The Grade 11 AP English course examines the writing process so that students can learn from and implement peer and teacher feedback. The result? Students develop a growth mindset and improve their skills as stronger, more effective communicators.

Becoming a good writer – or a good anything – requires self-discipline, ownership and deep reflection. It requires listening to feedback and the willingness to apply it to one’s work. For the Grade 11 AP English Language and Composition classes, teachers Ms. Jodi Rice and Ms. Heidi Meirovitz focused the course so students would enhance these skills.

Every unit, the class reviewed mentor texts (writing examples that reflect the focus and strategies of each unit), completed practice pieces (such as essays), received feedback from their teachers and peers and finally, wrote a reflection about their growth. Over time, students created a portfolio of work. At any point, they could return to a previous task and improve it based on new learning and feedback.

AP English challenged them to fine tune their methods in producing quality writing. By being cognizant of the writing process, the students made strategic writing choices and supported their claims with evidence. 

With defined guidelines, students formed small groups where readers discussed the writer’s piece while the writer noted feedback. Some writers were asked to strengthen their claims through structural changes, while other writers were encouraged to consider their audience and purpose. “You need to hear how people receive your work and then adjust accordingly,” explains Ms. Rice. “I think that’s a really important lesson for them. Students learn that what they compose in their head may not be clear to someone else, and they need to make sure that it is.” After their initial group sessions, the students recognized the importance of the feedback structure. It was clear to both teachers and students that keeping their audience in mind resulted in better writing.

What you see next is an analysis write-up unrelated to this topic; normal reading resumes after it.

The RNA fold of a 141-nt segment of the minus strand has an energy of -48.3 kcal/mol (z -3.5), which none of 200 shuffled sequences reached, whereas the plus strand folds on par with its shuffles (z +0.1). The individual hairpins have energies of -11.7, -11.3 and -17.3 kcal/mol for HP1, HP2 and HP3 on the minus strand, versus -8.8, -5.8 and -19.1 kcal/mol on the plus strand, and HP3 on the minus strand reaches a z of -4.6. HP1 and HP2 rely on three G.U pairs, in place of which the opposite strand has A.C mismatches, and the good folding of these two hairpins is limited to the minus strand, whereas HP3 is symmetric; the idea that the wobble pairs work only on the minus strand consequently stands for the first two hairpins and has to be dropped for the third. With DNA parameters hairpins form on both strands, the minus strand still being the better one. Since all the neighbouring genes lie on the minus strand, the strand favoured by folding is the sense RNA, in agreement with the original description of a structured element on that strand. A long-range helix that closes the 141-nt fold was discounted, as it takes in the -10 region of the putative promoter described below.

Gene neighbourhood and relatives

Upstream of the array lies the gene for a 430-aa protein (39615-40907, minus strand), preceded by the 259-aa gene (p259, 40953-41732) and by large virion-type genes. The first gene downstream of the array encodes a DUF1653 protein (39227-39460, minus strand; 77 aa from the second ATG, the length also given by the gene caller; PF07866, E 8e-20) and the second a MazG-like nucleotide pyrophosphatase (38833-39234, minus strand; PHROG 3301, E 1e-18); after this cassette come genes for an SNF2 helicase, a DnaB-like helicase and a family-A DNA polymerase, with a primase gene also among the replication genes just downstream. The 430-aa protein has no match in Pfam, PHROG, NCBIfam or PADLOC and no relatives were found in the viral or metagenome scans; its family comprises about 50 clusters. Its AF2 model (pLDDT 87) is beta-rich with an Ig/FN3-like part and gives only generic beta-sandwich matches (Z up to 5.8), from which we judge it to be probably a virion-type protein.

The teachers say that the structure for AP English at BSS has helped their students develop a growth mindset. “Writing is not perfect,” explains Ms. Meirovitz. “It’s a process and it takes time. If you don’t do it the way you want the first time, there will be so many opportunities throughout the course to show me other ways you can do it.”

“And what do you learn from having done it wrong?” adds Ms. Rice. “What if you can acknowledge what the mistakes are, and then figure out what it is you need to do to ingrain a new habit or look at it from a different perspective?” 

The format of this course has empowered students to reflect critically on previous pieces and apply style and writing conventions that are new to them. “Focusing on the writing process has allowed me to establish a greater connection between the lessons and material we cover in class, as well as my own writing pieces,” says student Jordan M. 

Whether communicating a scientific discovery or writing a novel, Grade 11 AP English students have developed lifelong skills and strategies that prepare them for university success and responsible civic engagement.